Monthly Archives: March 2015

Welcome to Ohio State, where everything is for sale

I’m excited to announce that my university has changed its motto. Out with the old and in with: “Omnia Venduntur!” Our old motto, “Disciplina In Civitatem,” or “Education for Citizenship,” just sounded so, you know, land-granty, so civic-minded. It certainly doesn’t capture our new ethos of entrepreneurial dynamism and financial chicanery. Besides, the state legislature […] … learn more→

Students pay extra for real skills

I’ll be the first to admit that higher education need not be about job skills, that learning, as an end, is a perfectly legitimate pursuit for a human being. But, I must qualify this: As soon as you take loan money for education, you MUST justify how that education will be used to pay back […] … learn more→

Why you should start an academic writing group

It might be a little weird, but I like to read about the process of writing. Sometimes this might be procrastination, but the more I have gotten the opportunity to speak to others about their writing practices the more I have gained confidence that reading about writing has done me some good. I want to […] … learn more→

How many Moses-es will it take to push back these waters?

Here is a link to a short but very pointed video on how rising ocean levels will affect the coastlines of southern and eastern Asia: I doubt that such forecasting or modeling will be appreciated by those who are ideologically opposed to any shift away from our ongoing dependence on fossil fuels. After all, […] … learn more→

The high cost of free College

Usually, the mainstream media has never met a tax or program it didn’t like. It’s never a question of whether we should have some new social program, instead the media presents the question that the reader should decide between “more” or “much more” government involvement. So I was a little surprised when a CBS article, […] … learn more→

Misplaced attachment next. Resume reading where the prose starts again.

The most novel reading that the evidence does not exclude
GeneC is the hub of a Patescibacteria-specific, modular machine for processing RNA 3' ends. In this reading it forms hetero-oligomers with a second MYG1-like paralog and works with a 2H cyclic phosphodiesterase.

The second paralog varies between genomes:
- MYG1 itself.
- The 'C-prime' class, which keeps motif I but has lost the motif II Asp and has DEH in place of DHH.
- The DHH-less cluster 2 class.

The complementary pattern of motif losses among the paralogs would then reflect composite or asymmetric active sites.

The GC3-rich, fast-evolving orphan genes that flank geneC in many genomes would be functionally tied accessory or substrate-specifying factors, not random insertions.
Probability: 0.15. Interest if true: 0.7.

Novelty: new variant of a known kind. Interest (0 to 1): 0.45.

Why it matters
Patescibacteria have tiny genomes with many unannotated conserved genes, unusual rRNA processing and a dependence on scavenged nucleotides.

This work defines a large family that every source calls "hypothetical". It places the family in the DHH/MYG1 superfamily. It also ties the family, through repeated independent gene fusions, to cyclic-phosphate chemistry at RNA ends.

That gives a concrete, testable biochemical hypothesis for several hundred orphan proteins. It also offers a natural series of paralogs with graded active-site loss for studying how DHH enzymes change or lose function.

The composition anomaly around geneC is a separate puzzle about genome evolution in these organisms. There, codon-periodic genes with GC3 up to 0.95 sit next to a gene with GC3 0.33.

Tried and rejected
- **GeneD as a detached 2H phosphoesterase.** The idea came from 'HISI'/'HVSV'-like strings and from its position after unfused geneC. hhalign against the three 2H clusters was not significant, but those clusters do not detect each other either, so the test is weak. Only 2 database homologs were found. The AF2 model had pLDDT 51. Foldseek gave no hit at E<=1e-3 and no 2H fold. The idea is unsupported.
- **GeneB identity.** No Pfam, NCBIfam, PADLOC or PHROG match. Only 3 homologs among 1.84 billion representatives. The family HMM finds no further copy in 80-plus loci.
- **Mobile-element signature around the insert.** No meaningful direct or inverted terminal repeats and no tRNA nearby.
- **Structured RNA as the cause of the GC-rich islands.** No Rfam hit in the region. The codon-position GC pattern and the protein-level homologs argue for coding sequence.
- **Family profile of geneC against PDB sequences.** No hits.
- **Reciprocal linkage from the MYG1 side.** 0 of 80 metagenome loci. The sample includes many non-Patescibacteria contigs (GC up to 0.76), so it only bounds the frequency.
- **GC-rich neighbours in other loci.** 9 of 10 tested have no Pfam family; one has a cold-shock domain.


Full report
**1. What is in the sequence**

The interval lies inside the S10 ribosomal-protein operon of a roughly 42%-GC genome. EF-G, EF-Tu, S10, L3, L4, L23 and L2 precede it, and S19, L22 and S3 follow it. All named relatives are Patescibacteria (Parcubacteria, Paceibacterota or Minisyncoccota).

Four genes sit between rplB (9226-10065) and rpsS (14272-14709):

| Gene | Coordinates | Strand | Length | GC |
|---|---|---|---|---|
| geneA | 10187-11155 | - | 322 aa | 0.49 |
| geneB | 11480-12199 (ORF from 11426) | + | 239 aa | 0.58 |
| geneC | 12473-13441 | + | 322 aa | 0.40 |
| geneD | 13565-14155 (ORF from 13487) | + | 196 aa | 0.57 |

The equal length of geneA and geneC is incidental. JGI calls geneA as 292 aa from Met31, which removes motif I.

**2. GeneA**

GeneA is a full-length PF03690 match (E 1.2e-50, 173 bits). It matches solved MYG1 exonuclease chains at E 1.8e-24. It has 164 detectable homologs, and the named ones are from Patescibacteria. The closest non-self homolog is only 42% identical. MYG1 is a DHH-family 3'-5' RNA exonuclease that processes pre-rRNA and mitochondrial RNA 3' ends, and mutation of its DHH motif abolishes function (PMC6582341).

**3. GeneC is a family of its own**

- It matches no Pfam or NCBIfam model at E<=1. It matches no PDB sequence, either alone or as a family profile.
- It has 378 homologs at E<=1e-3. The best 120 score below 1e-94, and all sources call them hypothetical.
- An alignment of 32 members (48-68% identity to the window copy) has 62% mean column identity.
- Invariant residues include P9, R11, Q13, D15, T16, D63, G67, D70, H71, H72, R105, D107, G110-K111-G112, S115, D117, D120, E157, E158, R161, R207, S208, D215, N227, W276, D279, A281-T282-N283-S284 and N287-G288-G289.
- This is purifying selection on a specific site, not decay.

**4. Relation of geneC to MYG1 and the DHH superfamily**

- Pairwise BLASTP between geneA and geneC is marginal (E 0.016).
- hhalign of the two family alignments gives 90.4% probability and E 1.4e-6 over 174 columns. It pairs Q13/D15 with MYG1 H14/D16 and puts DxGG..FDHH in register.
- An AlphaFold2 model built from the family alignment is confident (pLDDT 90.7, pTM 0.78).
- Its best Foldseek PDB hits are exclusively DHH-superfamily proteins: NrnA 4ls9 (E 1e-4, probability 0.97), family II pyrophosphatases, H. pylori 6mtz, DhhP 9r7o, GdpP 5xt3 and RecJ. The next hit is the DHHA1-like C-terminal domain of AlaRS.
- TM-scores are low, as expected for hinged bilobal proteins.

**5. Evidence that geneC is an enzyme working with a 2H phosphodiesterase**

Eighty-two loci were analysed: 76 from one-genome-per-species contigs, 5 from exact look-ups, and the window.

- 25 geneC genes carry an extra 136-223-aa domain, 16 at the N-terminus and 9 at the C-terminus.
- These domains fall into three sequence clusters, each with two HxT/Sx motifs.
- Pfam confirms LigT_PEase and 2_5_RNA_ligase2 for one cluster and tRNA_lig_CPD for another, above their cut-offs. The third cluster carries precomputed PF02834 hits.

When March madness leads to May malaise

Last weekend, college sports fans across the nation celebrated “Selection Sunday” – a day busily spent composing college basketball tournament brackets. Annual bragging rights and the coveted pool of money amassed by friends and coworkers lead to a particularly high level of fanaticism — March Madness. For some, however, the wager is far higher than […] … learn more→

Four more reasons people quit the Ph.D.

After reading (and commenting on) Dr. Mewburn’s recent fantastic article on Why People Quit the Ph.D., I wanted to add four more reasons to her list. As a writing productivity teacher and coach, I frequently see these among graduate students who are stuck. 1) Prior Harsh Rejection While rejection is endemic to work and life, […] … learn more→

To catch a cheat: More on the Pearson problem as our problem

“Cheating by test takers is becoming more common in the United States and throughout the world,” explains T.J. Bliss, adding: In the past year, multiple news agencies have reported several instances of cheating on high-stakes tests. Recently, news broke that doctors in a variety of specialties had cheated to pass certification exams (Zamost, Griffen, & […] … learn more→

Thesis know-how – go direct to the source

It’s not at all uncommon for thesis writers to use secondary sources. This term – using secondary sources – refers to the practice of reading about Text X that is relevant to your work in Text Y, and then referencing it. The reader knows that this has happened because the citation will refer to both […] … learn more→